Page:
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September 11, 2023

Maternal Nutrition and the Microbiome

Part I

This was a tricky topic to drill down into one article - so I split it into two. Bear with me on this topic as it is so important in the grander scheme of maternal and child health. 

The microbiome by definition: the microorganisms that reside in a particular environment.

Pregnancy is a dynamic event where a woman's body changes radically, including epigenetically, hormonally, immunologically and physiologically in order to conceive and carry a baby to term. Pregnancy has always been a scientific fascination because of these changes. Now, we add the microbiome to the list, as it is the latest area of research that is shedding light on how pregnancy outcomes are determined.  

The maternal microbiome is defined as the community of organisms that inhabit a woman's mucosal and skin surfaces. These organisms are bacteria, fungi, archae and viruses. These opportunistic players affect us in ways previously thought impossible. "We hypothesize that an appropriate microbiota is essential for healthy early development, pregnancy maintenance, and the first years of childhood." (Nuriel Ohayon et. al. 2016) 

What dictates the health of a gut microbiome and its importance in pregnancy? Is it necessary to have the microbiome set before conception? What is damaging the microbiome?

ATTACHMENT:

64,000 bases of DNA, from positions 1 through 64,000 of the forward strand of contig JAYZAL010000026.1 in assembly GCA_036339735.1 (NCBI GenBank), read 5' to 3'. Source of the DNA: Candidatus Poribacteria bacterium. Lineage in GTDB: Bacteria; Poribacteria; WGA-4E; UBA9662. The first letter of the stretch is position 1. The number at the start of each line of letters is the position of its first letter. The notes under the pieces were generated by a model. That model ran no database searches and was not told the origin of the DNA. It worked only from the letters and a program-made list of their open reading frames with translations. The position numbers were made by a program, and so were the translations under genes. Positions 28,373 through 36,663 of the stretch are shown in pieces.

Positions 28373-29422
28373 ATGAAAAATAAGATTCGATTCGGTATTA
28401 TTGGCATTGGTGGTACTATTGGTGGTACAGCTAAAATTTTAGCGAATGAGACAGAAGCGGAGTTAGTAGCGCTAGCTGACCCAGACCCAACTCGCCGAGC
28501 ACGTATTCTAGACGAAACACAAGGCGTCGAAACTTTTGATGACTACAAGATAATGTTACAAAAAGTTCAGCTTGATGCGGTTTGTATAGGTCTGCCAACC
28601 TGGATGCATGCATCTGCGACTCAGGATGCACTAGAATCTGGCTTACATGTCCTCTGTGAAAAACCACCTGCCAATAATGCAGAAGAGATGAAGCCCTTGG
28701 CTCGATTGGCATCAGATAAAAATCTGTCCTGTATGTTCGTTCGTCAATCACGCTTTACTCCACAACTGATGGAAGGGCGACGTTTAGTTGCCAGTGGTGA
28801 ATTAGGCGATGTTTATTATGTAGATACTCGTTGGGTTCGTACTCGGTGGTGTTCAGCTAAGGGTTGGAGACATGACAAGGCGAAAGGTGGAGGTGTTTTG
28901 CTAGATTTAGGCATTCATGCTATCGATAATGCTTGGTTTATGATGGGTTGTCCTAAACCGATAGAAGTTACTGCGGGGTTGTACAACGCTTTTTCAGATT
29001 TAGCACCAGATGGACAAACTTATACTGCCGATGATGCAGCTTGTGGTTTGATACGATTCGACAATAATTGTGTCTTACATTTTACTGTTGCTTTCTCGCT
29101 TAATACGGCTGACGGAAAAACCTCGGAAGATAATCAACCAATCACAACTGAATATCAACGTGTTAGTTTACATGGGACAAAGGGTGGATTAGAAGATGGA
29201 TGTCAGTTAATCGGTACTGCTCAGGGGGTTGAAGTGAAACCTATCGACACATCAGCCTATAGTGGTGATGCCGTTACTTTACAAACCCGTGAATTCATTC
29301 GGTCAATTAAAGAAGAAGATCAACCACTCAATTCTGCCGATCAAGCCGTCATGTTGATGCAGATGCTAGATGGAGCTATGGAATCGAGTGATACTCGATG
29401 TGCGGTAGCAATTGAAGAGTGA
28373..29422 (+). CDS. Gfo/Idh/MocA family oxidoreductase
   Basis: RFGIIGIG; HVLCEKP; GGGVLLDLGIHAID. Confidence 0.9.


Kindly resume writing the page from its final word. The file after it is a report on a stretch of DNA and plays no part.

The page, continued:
The gut microbiome, for the purposes of this article, will be simplified down to being primarily made up of trillions of bacteria that have the ability to help us or hurt us based on their type, volume, and balance. We live with them as much as they live with us. We supply each other with food sources and nutrients. The end result is a symbiotic ecosystem within us. 

How is the maternal microbiome established? Here are two competing modern types. 

1) This pattern is associated with better health.

The microbiome for mom was established at her birth with her passage through the vaginal canal and her subsequent exposure to the vaginal and rectal bacterial flora of her mother. Then mom further upgrades her microbiome by latching onto the breast to feed herself as an infant. Breastmilk is the perfect food source for her bacteria as it is made up of greater than 10% non digestible sugars, called human milk oligosaccharides, HMO. Babies lack enzymes to break down these sugars leaving them for the bacteria to have a party with. Over the next few years, mom's gut microbes will be shifted and established by the food that she eats, medicines and chemicals that she is exposed to, stress events and much more. 


2) This pattern is associated with worse health.

The microbiome for mom was established at birth with her passage through a c section opening in her mother's abdomen and her subsequent exposure to the skin and gloves of the doctor and staff. Then mom further alters her microbiome by latching onto a bottle of cow's milk formula to feed. Formula milk is not the perfect food source for her bacteria as it is not made up of these excellent non digestible sugars and is not dynamic over time. Over the next few years, mom's gut microbes will be shifted and established by the food that she eats, medicines and chemicals that she is exposed to, stress events and much more. (Pollan 2013)